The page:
What are the sources are there to construct Shatavaahana history

Question: What are the sources are there to construct Shatavaahana history?

Ans: Coastal Andhra, Maharashtra, Rajasthan, Gujarath etc. places were under the control of Satavahanas. Paitan, Dharanikota, Dhankyakatakam were their capitals.

Archaeological evidences: Archaeologists found archaeological remains of Shaatavaahana period in

Pedda Bankur of Karimnagar – 1967-74

Dhoolikatta of Karimnagar 1972-75

Kondapur of Medak district and Kotilingaala of Kareemnagar 1980-83

Siddipet, Medak district – 2017-18.

Inscriptions: Shaatavaahanas issued coins in Brahmi script and Prakrit and Desi languages.

Naneghat inscription issued by Devi Naganika, Nasik inscription issued by Gouthami Balasri, Maidavolu inscription issued by Shiva Skanda Varma Pallava, Khaaravela’s Haathigumpha inscription, Girnar or Junaghad inscription issued by Shaka king Rudradaman.

Eminent historians like P.V. Parabhrahma Shahstry and Dr. Damo Raja Reddy proved with evidences that Satavahanas’ earliest strong hold and place of rise was Kotilingala, Kareem Nagar, and Telangana.


Coins play major role in the construction of history of Telangana.

Damo Raja Reddy, Neuro Surgeon in NIMS hospital, who is also a numismatist, studied Shatavahan coins and brought new facts into light. Damo Raja Reddy authored a book named ‘Charithra Khajaana’ (Treasure of History), is a scientific study of Shaatavahana coins.

Shaatavaahanas issued coins with the symols, 1. Horse         2. Elephant      3. Lion             4. Ship with double mast     5. Names of parents    6.Sun   7. Moon           8. Lotus           9. Cone etc.

Shaatavahana kings coins of following metals: Gold, Silver, and Potin.

Gouthamiputhra Shaatakarni issued silver.

In 1970, Sanganabatla Narahari Sharma, a postal department employee brought a coin he found to Dr. Parabhrahma Shahstry. After proper study, Dr. Parabhrahma Shastry declared that the coins belongs to earliest Shaatavaahana king. Dr. Parabhrahma Shastry, Damo Raja Reddy and B.N. Shastry declared that 1st centre of Shaatavaahanas was Kotilingaala, Karimnagar district, Telangana.

In Phanigiri of Nalgonda district, Rudrasena II’s coins are found. With this evidence, historians came to a conclusion that, Shaatavaahana kings had contacts with Rudrasena II.

Yagnasri Shaatakarni issued coins with symbol of ‘Ship with double mast’. This attests that trade was flourished during Shaatavaahana period. Roman coins were found in Shaatavaahana ports. This establishes the fact that Shaatavaahana kings had trade contacts with Rome. Same fact is attested by Periplus of the Erythrian Sea, authored by an unknown sailor.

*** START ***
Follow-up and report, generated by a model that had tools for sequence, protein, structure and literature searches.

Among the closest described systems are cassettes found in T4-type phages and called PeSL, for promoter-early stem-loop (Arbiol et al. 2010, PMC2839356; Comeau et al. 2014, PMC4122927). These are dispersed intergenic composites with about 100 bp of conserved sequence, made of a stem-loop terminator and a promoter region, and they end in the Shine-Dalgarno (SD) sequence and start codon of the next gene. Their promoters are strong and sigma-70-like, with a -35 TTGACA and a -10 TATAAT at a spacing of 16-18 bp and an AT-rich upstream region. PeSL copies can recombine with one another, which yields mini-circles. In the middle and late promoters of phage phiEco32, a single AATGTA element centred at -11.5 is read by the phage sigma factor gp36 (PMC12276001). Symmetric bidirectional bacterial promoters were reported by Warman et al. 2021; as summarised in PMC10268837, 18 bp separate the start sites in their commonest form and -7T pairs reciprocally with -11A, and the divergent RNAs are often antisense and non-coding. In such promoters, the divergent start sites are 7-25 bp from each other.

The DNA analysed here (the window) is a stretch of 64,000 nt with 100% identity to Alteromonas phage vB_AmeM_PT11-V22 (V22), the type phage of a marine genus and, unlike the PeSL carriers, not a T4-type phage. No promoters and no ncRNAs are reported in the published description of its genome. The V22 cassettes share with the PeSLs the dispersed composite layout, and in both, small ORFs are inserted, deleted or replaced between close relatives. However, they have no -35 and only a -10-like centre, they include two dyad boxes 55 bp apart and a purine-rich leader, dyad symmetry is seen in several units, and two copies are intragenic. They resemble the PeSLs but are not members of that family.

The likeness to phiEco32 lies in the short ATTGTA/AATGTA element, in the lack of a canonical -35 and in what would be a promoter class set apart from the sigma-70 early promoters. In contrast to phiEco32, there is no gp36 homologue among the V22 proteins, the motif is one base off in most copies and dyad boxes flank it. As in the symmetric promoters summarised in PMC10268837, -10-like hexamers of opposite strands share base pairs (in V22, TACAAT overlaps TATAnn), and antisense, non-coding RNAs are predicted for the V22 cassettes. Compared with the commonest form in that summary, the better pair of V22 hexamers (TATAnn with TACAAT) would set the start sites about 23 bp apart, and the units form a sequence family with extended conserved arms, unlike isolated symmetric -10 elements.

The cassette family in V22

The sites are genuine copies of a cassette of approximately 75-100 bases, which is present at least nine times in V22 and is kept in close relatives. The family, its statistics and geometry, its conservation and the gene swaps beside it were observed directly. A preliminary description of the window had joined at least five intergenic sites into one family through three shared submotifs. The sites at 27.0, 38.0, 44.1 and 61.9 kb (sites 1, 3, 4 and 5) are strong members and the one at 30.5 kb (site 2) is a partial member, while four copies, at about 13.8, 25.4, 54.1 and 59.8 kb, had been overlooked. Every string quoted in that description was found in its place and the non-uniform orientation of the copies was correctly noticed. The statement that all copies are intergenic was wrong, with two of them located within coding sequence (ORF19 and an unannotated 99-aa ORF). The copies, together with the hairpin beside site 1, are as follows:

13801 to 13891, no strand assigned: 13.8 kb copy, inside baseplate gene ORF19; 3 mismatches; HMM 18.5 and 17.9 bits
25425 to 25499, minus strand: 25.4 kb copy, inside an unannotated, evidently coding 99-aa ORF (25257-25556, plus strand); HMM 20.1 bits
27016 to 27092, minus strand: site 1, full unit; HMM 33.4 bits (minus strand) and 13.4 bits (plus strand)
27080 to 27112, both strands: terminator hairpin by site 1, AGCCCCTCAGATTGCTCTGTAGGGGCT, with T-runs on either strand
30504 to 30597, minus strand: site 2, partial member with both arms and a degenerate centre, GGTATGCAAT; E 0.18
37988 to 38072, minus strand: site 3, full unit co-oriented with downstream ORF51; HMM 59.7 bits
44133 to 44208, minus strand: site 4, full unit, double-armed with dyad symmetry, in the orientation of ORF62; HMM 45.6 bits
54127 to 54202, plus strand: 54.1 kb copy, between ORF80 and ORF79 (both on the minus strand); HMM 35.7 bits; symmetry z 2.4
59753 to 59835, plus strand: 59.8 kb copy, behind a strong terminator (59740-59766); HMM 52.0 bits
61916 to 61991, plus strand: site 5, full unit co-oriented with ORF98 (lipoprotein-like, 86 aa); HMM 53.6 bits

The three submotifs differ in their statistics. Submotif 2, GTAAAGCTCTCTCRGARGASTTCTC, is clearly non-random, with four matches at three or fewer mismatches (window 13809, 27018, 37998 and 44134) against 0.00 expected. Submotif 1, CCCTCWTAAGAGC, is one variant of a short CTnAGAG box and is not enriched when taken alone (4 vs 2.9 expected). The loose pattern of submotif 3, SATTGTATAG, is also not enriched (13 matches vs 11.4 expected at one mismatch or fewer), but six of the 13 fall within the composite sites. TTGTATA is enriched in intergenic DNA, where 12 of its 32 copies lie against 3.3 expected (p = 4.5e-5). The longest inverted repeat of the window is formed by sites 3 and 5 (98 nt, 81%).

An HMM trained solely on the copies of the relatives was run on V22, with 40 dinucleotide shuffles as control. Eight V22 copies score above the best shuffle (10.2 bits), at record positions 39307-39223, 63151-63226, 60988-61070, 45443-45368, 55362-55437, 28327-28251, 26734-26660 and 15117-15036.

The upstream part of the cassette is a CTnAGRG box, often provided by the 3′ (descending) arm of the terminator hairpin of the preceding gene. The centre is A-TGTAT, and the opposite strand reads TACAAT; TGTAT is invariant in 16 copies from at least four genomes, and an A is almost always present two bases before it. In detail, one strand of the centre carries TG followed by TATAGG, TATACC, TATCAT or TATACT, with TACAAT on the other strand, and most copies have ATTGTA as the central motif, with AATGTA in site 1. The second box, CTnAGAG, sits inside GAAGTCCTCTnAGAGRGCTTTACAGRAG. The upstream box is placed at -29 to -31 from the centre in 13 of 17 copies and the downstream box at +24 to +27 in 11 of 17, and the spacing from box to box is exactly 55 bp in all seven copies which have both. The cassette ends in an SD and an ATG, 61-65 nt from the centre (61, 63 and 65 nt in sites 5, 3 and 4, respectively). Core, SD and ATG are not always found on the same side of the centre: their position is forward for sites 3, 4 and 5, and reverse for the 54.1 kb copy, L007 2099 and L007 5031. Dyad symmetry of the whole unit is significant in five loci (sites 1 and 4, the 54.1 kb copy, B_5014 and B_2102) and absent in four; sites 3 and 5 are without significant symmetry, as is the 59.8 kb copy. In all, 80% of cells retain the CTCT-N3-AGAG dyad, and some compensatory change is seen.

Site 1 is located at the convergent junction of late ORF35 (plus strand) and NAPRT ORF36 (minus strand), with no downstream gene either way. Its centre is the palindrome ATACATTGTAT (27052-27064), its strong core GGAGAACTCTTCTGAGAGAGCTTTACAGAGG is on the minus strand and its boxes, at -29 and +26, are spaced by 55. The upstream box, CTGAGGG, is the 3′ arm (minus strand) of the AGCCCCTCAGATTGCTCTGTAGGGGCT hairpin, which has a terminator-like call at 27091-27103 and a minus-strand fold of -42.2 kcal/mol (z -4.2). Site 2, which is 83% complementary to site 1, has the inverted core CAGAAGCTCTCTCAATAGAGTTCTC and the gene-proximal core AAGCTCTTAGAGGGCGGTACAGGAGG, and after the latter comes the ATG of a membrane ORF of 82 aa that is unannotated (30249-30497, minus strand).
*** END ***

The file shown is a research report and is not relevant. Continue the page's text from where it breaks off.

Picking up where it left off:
Literary Sources: Literary sources are produced by Hindu scriptures Puranas, contemporary scholars’ books, Buddhist and Jain texsts, foreign accounts.

Puranas: Totally there are 18 Puranas. Puranas gives us details of geneology. Though historians blindly rely on the information given in Puranas, most of the times, they were useful atleast to get an idea about the period, limited chronological information and mainly geneology.

  1. Brahmanda Purana 2. Padma Purana 3. Vishnu Purana         4. Shiva Purana
  2. Bhagavatha Purana 6. Linga Purana 7. Varaha Purana         8. Naaradeeya Purana 9. Markandeya Purana 10. Agni Purana          11. Bhavishya Purana 12. Brahmavaivartha Purana  13. Skanda Purana     14. Vaamana Purana         15. Koorma Purana     16. Matsya Puraana 17. Garuda Purana          18. Brahmanda Purana


Haala Saarvabhauma, 17th ruler of Shaatavaahana dynasty wrote ‘Gaatha Spatha Shahti’.

Vaatsaayana wrote ‘Kaamasoothra’ (mentioned Kunthala Shaathakarni and his wife Malayavathi).

Gunaadya wrote Brihathkatha.

Sharvavarma wrote Kaathanthraya vyaakaranam.

Kuthoohala wrote ‘Leelaavathi Parinayam’ in Prakrit language.

Foreign Accounts:

Pliny, native of Rome, authored ‘Natural History’. He felt that all the gold and silver reserves of Rome are darining to India and the intellectuals of Rome cautioned the traders against trade with India.

Ptolemy, authored a book named ‘Geography’.It gives details about Shaatavaahana period ports. Megasthanes, an ambassador of Seleucus Nicator in the court of Chandra Guptha Maurya, authored ‘Indica’. In this books he mentioned that, in South India there were 30 fortified cities. Periplus of the Erythrian Sea authored by an unknown sailor gives details about South Indian kingdoms.

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